You see, as much as I and other writers may implore players to play the broken deck when they can, certain portions of the metagame refuse to do so. Some love their own pet deck too much. Some refuse to play the broken deck, and some just delude themselves into thinking that they’ve next-leveled the metagame. So there’s always going to be space for a deck that can play enough hate to at least put up a fight against the broken deck while handling everything else. It appears that that deck is Azorius Control, so until I see it decline, I’m going to continue to respect it.

Is Mono-Green Tron Even Playable?

The archetype that loses the most ground when the metagame degenerates and speed matters above everything else is Mono-Green Tron, or more generally, Big Mana.

Karn, the Great Creator and the coming London Mulligan rule were supposed to make Tron the best deck. Amulet Titan has long been a dark-horse pick among good players, though its numbers haven’t done much to back it up, and TitanShift has had a major resurgence this year, Top 8ing nearly every major event.

But all of these decks are designed to prey on reactive decks. They are low on interaction themselves, and don’t kill very quickly, outside of the best Amulet Titan draws. Decks like Devoted Devastation and Mono-Red Phoenix salivate at matchups where they are getting two or three turns completely unopposed to enact their gameplan.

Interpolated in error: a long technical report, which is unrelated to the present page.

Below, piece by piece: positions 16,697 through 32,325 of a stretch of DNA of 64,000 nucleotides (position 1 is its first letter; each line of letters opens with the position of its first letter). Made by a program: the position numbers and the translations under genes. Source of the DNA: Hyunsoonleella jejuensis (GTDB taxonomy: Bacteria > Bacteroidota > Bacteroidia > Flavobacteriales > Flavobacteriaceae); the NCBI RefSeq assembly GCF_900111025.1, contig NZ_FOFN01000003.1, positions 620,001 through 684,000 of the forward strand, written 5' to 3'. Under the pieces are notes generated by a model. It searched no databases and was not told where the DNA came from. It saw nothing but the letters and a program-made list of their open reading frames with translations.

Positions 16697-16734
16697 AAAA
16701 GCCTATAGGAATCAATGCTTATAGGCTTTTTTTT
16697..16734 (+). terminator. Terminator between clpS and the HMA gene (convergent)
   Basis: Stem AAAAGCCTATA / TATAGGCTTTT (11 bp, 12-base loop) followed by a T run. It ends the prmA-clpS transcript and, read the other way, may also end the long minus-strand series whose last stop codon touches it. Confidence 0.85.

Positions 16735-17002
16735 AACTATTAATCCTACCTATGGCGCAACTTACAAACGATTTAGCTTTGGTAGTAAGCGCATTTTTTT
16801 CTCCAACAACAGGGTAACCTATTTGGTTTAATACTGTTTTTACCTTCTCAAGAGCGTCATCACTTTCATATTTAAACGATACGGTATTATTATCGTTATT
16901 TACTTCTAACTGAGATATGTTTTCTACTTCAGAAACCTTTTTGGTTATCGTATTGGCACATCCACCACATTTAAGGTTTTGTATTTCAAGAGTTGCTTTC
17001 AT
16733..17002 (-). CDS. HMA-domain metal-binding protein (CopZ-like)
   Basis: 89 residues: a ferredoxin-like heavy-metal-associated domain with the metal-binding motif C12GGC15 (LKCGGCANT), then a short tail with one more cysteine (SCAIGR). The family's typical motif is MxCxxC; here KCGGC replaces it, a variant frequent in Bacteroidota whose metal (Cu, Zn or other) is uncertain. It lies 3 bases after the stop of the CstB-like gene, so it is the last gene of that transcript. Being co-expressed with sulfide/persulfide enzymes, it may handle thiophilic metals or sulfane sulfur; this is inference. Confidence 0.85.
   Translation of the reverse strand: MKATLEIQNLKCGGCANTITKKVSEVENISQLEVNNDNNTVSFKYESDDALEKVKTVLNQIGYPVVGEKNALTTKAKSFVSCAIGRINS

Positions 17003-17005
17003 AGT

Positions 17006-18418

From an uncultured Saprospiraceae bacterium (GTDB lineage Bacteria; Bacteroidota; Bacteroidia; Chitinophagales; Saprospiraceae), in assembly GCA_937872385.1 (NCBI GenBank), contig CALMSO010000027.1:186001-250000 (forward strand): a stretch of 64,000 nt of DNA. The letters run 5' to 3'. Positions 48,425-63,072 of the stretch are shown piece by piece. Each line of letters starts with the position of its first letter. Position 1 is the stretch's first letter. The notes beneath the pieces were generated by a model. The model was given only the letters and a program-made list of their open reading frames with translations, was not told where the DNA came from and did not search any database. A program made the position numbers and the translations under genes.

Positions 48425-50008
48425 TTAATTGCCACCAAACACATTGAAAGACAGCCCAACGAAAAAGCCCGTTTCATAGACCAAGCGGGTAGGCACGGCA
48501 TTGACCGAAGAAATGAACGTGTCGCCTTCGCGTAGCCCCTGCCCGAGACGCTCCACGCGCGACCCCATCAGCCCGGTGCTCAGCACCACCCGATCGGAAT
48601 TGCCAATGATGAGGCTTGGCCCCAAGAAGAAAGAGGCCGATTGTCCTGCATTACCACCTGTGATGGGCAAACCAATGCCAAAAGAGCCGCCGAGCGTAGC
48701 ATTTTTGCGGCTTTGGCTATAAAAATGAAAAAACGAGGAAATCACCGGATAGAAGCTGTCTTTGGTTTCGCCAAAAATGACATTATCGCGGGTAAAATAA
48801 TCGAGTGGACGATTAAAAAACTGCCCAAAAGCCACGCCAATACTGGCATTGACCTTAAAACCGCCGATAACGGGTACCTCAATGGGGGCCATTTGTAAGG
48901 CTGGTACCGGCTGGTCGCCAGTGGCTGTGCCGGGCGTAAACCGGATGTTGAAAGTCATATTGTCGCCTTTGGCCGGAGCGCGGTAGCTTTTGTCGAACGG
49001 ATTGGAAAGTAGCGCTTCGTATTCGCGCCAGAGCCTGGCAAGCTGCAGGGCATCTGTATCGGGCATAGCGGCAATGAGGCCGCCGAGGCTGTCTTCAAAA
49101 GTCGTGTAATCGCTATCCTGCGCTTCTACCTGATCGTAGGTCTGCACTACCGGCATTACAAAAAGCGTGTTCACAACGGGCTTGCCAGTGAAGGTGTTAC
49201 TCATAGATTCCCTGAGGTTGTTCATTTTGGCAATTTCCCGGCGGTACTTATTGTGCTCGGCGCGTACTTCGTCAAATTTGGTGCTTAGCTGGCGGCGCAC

Unsurprisingly, none of these decks have performed well in the MTGO Challenges, with nary a Primeval Titan in sight and only a couple of Tron decks making the Top 32. Eldrazi Tron has had a better run of it, with Chalice of the Void to slow down these degenerate decks and more early plays in the absence of a fast Urzatron, so if you’re dead set on never making colored mana, then I’d look there.


A lot of people like to complain about Modern being super-fast and degenerate, but that really hasn’t been the case since Gitaxian Probe and Golgari Grave-Troll were banned over two years ago. Instead we’ve seen Grixis Death’s Shadow, various control strategies, Humans, and Izzet Phoenix emerge as top decks, all of which are decidedly fair, albeit with powerful draws.

But we’re heading into a degenerate phase of Modern right now. There’s still a lot in flux, but here’s what I’m looking at:

  • Step 1: If Bridgevine is broken, play it.
  • Step 2: If it’s not broken but the hive mind thinks it is, play a fast creature deck like Mono-Red Phoenix or Devoted Devastation.
  • Step 3: If it’s not broken and the hive mind knows, reassess based on what exactly is beating it. Hope really hard that this means I can still play Izzet Phoenix.

It’s been a while since Modern was truly broken, and I’d honestly be excited if it is again. Getting an edge in degenerate metagames is a different kind of puzzle from normal metagaming, like when Eldrazi decks kept looking at different color combinations to trump the mirror. You also get a chance to be a part of Magic’s history, which I have a growing appreciation of as a grizzled veteran.

In a couple of months, we’ll all be chastising ourselves for overreacting again, or we’ll be relieved when the ban comes. Either way, Modern will go on.